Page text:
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A little history of LGBT+ love

14 February 2018 by Scott Smith

Saint Valentine’s Day, our National day of love is celebrated by couples around the world. It just so happens that it falls under February, the month that we celebrate LGBT History Month – a month-long annual observance of lesbian, gay, bisexual and transgender history. So, we thought we’d take the opportunity to highlight some LGBT+ relationships from history that we think you should know about.

The artworks and objects discussed here are part of National Museums Liverpool’s collections and all relate in some way to intimate relationships between members of the same sex, both real and fictional, which go beyond platonic friendship in some way. All of these partnerships offer, in their own way, an alternative to the type of heterosexual relationship that continues to be socially dominant. Read more…

The art of love

13 February 2018 by Ann Bukantas

Love threads its way though many of the artworks in the Walker Art Gallery’s collection, and across the years, artists have explored the themes of romance, passion and heartbreak in paintings. Let’s go find a little love this Valentine’s Day, and see how different artists have tackled the subject across the centuries.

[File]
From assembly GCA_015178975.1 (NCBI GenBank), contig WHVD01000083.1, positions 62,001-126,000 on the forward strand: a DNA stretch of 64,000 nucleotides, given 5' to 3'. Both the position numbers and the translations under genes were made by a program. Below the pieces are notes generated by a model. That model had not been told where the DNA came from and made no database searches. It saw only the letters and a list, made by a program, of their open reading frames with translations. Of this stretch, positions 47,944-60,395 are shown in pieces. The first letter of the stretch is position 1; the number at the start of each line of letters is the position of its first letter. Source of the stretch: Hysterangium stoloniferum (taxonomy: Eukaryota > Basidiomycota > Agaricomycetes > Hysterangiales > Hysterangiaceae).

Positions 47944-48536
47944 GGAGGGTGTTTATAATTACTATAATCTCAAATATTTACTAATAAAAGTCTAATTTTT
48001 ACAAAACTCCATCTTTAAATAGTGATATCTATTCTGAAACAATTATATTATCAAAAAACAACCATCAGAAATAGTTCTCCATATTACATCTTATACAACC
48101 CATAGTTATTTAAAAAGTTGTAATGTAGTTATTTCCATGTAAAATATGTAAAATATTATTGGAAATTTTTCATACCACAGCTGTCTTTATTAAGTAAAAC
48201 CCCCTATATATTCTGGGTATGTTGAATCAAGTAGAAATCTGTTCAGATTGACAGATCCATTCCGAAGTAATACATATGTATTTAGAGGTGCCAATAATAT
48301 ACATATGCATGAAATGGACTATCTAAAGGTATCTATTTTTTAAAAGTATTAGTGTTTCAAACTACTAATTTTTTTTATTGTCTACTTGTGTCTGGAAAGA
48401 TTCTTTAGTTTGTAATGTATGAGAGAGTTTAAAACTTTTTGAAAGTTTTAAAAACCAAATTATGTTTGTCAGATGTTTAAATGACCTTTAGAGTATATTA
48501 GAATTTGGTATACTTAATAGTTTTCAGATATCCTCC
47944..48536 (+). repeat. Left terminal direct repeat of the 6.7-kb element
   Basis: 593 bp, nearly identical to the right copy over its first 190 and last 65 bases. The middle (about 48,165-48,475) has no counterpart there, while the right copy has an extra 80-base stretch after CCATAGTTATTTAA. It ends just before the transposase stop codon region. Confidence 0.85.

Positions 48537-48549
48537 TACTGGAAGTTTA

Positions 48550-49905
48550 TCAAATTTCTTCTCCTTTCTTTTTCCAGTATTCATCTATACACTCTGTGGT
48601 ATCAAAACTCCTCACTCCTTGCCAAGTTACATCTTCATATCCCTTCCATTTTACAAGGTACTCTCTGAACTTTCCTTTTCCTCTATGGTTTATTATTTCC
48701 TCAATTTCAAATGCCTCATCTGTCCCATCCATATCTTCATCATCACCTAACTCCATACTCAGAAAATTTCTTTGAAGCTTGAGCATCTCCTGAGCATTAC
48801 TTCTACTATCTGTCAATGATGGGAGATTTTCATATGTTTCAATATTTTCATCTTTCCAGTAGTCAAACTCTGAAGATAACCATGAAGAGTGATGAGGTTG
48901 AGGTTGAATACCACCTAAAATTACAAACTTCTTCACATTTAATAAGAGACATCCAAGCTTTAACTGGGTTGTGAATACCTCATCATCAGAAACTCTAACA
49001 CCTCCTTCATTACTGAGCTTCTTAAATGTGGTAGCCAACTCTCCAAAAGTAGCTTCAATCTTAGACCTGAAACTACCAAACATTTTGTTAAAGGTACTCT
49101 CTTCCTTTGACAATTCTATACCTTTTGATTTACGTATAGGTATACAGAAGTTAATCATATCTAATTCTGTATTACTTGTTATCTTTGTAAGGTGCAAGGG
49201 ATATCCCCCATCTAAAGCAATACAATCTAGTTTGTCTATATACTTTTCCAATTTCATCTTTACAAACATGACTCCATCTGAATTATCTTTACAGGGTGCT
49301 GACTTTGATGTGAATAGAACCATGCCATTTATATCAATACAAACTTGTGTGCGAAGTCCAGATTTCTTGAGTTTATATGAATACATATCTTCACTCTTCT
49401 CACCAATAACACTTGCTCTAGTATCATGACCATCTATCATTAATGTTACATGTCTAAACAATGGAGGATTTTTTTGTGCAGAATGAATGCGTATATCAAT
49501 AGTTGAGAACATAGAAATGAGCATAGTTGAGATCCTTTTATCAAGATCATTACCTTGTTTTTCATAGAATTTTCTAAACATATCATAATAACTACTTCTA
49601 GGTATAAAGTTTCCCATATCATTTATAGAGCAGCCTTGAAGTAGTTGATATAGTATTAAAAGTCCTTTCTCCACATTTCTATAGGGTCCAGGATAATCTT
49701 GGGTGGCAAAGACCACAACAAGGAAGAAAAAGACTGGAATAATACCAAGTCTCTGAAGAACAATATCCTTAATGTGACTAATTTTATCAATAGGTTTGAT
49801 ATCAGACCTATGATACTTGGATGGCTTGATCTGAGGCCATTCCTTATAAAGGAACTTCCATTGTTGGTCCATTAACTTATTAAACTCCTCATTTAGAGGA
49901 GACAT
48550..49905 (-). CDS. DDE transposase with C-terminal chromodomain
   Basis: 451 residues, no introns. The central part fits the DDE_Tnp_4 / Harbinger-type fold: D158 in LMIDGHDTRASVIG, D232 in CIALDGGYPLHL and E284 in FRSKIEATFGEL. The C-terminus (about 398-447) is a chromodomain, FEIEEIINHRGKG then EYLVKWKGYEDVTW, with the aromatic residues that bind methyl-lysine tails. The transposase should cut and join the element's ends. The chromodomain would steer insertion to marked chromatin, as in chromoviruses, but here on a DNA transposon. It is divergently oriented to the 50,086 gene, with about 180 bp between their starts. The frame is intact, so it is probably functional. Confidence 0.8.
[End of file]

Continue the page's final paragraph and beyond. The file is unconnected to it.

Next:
Dante’s Dream

Dante's Dream by Dante Gabriel Rossetti, 1871

Read more…

Fresh Perspectives: Call out to Wirral secondary schools

13 February 2018 by Siobhan

Young people admiring their artwork in teh Fresh Perspectives art exhibition at the lady lever Art Gallery

Opening of the Fresh Perspectives exhibition at the Lady Lever Art Gallery

April 2019 will see the return of the biennial schools exhibition Fresh Perspectives: Art from Wirral schools at the Lady Lever Art Gallery.   Fresh Perspectives is a fantastic opportunity for schools to nurture and promote the talents of their students, for young people to engage with arts and culture outside of the classroom environment and to support those with an interest in further education in the arts, offering them an insight into creative careers.   This will be the fourth occasion that the exhibition has taken place but for the first time schools will have the opportunity to apply to have their students GCSE and A Level work included.

Read more…

A Valentine to seafarers

12 February 2018 by Jen

Off-white tile with red printed design showing a woman embracing a sailor with sailing ship in the background.

British Delftware tile, ‘The Sailor’s Farewell’, from National Museums Liverpool’s Decorative Arts collection – M2234 i